CLEVELAND, Tenn. — Lee University has put down the foundation of a $10 million communication arts building and purchased more office space this summer.
A truck on Friday hauled away the last of the heavy excavation machinery as crews continued ground work at the site of the planned communication arts building, between Church and Ocoee streets on the southwestern corner of campus. The project broke ground in mid-July and the 40,000-square-foot facility is scheduled to open by August 2014, according to Lee University officials.
"It's exciting finally to be starting on this project," Lee University President Dr. Paul Conn said in a news release. "It's going to connect our campus directly to the downtown business district in a beautiful and dynamic way."
"We are excited to get under way," said Cole Strong, director of special projects in the office of Lee's president. "It's going to be an exciting next couple of months."
The facility will include a state-of-the-art "black box" theater seating 200 for stage productions and a 120-seat film screening theater. Other features include student journalism and computer labs, a television studio and soundstage and eight video editing suites, Lee officials said.
The new building is intended to serve increasing growth of Lee University's Department of Communication Arts, school officials said. Last year the department served 369 students seeking degrees in communication studies, public relations, theater and digital media.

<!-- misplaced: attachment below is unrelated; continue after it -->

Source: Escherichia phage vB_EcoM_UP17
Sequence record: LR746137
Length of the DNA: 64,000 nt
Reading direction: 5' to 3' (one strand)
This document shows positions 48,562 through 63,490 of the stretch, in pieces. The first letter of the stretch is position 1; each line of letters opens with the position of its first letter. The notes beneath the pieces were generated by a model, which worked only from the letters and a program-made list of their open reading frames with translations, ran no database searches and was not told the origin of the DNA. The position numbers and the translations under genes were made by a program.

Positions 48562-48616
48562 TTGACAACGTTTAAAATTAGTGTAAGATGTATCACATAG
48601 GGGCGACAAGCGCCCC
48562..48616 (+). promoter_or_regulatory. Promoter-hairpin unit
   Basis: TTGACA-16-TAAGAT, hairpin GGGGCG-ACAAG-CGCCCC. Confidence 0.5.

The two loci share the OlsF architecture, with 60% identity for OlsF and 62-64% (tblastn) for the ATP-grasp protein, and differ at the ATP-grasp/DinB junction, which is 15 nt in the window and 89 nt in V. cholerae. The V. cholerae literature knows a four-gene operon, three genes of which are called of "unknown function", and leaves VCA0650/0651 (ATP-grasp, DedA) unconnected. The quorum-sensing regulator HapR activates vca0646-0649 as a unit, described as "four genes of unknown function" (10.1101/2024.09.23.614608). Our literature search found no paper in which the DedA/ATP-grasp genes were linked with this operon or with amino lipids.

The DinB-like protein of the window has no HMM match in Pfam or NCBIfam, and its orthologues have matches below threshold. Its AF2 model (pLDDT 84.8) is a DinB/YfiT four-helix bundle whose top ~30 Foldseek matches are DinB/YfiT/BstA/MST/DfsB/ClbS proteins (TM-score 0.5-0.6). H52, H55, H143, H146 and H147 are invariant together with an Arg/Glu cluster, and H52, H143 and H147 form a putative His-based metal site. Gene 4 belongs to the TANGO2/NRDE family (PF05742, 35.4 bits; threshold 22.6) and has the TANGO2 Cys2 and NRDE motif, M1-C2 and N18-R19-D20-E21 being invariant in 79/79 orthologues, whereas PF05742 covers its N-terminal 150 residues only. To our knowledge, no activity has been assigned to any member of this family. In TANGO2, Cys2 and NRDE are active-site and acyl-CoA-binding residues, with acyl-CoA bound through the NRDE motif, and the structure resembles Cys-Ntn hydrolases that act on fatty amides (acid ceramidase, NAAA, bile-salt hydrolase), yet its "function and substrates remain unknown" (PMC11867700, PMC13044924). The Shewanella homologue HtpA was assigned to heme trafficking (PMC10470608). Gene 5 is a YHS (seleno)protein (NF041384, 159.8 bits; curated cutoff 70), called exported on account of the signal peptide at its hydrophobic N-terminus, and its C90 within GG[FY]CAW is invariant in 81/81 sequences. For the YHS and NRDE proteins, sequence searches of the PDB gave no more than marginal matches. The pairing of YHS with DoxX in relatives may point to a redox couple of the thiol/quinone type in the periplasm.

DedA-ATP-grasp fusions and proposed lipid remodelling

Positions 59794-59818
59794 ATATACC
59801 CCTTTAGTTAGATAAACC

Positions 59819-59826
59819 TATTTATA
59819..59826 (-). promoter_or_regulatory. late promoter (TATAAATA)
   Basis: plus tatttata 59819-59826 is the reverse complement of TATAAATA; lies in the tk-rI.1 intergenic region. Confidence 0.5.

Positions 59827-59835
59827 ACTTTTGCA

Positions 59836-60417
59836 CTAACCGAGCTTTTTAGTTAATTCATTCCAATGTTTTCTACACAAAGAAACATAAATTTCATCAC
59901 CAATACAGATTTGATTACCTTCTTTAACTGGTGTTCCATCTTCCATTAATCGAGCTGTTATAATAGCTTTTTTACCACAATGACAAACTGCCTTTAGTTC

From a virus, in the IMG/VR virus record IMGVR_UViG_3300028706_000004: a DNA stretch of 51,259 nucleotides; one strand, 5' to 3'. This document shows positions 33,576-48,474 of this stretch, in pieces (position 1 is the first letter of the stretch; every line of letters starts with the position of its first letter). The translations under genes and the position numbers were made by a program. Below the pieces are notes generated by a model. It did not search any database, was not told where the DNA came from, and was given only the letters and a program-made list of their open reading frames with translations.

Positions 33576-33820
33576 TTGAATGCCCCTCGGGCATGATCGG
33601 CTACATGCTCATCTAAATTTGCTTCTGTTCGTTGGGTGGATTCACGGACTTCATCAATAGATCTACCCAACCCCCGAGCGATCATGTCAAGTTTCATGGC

The department is doing "[some] of the most remarkable and creative work at Lee," Conn said. "It's time for us to give them a space of their own, with top-notch equipment and facilities.
"I believe this is one of the brightest areas at Lee moving into the future," he said.
Plans also are under way for the Church Street Annex, which was the old sanctuary of First Baptist Church, officials said.
The facility will be incorporated into the School of Music and renamed Pangle Hall, said Brian Conn, director of communications for Lee University. Renovations, which will include changing the building's exterior and replacing its steeple to match other campus facilities, are expected to be completed in time to coincide with the opening of the new communication arts building.
Lee University recently moved forward with another part of its campus expansion with the purchase of the Monument Building at 750 Broad St.
The two-story structure, built in the mid-1970s, will serve as much-needed office space, said Jerome Hammond, vice president for university relations.
"We're in a major downtown construction project that will reshape the Lee campus and reimagine that part of the downtown," Hammond said. "This acquisition is an important part of that plan."
Paul Leach is based in Cleveland. Email him at firstname.lastname@example.org.